Illegal Funding of Israeli Army in Canada Comes Under Spotlight

Published January 6th, 2019 - 02:10 GMT
Violence in the occupied West Bank, Jerusalem and Israel since October 2015 has killed 245 Palestinians, 36 Israelis, and five other nationals. (AFP)
Violence in the occupied West Bank, Jerusalem and Israel since October 2015 has killed 245 Palestinians, 36 Israelis, and five other nationals. (AFP)

A political issue was raised in Canada on Friday regarding donating legal and illegal funds to the Israeli army and financing a number of its projects, including the establishment of a military base in the Negev.

The Jewish National Fund of Canada – an affiliate of parent organization Keren Kayemeth LeIsrael or the Jewish National Fund (KKL-JNF) – used its donations to fund infrastructure projects on Israeli army, air and naval bases, in contravention of Canadian law.

Notably, the Canadian law does not prevent Canadian citizens from donating to the Israeli army through the Israeli Ministry of Security, but it prevents tax-exempt charitable organizations from assisting foreign armies and prevents them from obtaining a tax exemption for these donations.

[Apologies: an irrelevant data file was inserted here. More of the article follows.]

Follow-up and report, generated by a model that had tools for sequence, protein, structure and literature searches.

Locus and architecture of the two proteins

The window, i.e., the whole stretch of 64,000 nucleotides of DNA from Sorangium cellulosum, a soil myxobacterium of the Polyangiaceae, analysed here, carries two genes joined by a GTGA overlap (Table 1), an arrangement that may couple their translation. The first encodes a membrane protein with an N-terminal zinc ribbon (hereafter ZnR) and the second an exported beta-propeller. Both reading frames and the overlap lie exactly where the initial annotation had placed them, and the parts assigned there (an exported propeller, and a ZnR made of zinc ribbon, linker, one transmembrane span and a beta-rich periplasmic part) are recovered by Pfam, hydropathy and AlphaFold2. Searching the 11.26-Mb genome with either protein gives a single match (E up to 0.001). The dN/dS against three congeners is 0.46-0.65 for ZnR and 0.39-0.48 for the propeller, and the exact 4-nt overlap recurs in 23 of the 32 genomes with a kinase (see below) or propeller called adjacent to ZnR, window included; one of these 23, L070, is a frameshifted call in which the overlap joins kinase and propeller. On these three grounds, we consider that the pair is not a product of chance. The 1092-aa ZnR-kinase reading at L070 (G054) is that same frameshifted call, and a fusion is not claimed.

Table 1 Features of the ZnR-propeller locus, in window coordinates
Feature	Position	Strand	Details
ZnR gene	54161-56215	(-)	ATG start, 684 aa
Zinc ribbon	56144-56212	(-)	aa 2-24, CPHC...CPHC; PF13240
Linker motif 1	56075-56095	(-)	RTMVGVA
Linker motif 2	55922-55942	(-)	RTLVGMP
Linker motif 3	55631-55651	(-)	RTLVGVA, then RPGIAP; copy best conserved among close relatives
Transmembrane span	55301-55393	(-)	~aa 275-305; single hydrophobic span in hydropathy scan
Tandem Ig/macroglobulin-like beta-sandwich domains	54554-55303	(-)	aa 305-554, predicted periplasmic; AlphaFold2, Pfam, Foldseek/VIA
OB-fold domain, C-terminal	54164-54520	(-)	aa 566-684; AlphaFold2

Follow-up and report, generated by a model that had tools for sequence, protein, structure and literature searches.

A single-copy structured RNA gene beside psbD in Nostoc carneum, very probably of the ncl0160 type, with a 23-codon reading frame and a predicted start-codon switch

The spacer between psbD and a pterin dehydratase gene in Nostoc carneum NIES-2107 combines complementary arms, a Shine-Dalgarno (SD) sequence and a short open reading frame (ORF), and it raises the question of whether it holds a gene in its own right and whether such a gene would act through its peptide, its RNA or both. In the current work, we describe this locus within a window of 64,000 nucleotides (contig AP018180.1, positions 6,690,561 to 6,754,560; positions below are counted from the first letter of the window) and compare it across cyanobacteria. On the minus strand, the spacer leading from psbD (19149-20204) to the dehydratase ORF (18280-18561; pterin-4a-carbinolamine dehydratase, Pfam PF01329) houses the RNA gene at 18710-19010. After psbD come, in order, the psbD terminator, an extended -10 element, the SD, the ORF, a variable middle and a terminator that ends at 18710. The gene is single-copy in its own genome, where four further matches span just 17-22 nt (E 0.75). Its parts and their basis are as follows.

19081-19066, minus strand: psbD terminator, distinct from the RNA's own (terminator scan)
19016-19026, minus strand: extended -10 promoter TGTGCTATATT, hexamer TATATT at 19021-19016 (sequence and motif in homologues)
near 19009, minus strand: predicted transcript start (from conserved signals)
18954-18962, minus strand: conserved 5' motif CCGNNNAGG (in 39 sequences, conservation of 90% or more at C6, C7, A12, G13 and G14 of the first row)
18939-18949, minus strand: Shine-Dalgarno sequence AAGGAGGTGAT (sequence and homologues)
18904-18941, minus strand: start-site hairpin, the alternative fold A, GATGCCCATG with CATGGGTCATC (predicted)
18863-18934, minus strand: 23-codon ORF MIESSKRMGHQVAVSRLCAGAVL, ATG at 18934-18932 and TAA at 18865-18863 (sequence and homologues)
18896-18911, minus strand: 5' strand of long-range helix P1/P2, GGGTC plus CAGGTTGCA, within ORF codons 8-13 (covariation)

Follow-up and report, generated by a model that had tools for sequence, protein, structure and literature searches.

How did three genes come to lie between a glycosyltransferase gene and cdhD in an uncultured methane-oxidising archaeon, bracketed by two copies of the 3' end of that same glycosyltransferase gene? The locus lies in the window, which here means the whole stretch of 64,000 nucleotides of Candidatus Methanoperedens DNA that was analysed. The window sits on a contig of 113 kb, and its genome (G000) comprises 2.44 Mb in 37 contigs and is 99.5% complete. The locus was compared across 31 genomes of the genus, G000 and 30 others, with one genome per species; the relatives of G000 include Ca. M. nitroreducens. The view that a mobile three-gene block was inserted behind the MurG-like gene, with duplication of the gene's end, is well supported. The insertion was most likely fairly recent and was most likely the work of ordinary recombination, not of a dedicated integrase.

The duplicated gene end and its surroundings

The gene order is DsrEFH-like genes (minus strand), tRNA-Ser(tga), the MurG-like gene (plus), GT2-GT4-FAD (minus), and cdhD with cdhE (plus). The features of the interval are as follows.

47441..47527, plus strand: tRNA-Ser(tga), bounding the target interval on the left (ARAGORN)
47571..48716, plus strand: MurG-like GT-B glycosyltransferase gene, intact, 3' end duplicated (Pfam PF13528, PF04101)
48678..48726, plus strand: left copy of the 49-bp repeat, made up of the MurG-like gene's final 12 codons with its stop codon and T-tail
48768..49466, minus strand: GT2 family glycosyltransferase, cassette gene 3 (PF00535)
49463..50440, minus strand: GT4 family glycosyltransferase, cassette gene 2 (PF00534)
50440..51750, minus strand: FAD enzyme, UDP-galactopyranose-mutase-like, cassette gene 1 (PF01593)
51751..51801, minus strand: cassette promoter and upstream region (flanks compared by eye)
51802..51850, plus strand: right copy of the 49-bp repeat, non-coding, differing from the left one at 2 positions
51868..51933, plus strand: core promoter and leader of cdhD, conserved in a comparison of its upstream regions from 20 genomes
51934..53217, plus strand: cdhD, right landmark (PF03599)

According to Canadian experts, as part of the donations, funds were diverted to develop a military base in the agricultural settlement of Sde Bocker and to fund the rehabilitation of young people for military service.

On the other hand, the Canadian branch of the "Keren Kayemeth" said it had financed the army's projects in the past and stopped in 2016 after it turned out to be against the law.

The adviser to resolve disputes, Megan McKenzie, said she was surprised to discover "Keren Kayemeth’s involvement in funding the Israeli army."

She said she had gone into details about the afforestation projects outside the Green Line and in the areas of the occupied West Bank, noting that her shock was increasing as more details were discovered.

Canada Park was JNF Canada's first large project in Israel and the West Bank, built on the site of three Palestinian villages left empty after 1967's Six Day War.

Retired Physician Ismail Zayid of Halifax was born in one of those villages, Beit Nuba. He has been complaining to CRA about JNF's charitable status for 40 years.

"I wrote to (the CRA) repeatedly," he said. "They would say they are conducting an investigation of (the) complaint, and then I would write again and say, 'What are the findings of your investigation?' And they would say, 'The findings are confidential.'”

The documents showed Canadian tax authorities projects to raise funds to fund the establishment of a building for visits of soldiers at Israeli army’s military base as well as a plan to develop a street near the border with Egypt to facilitate the movement of Israeli security forces in the region.

This article has been adapted from its original source.

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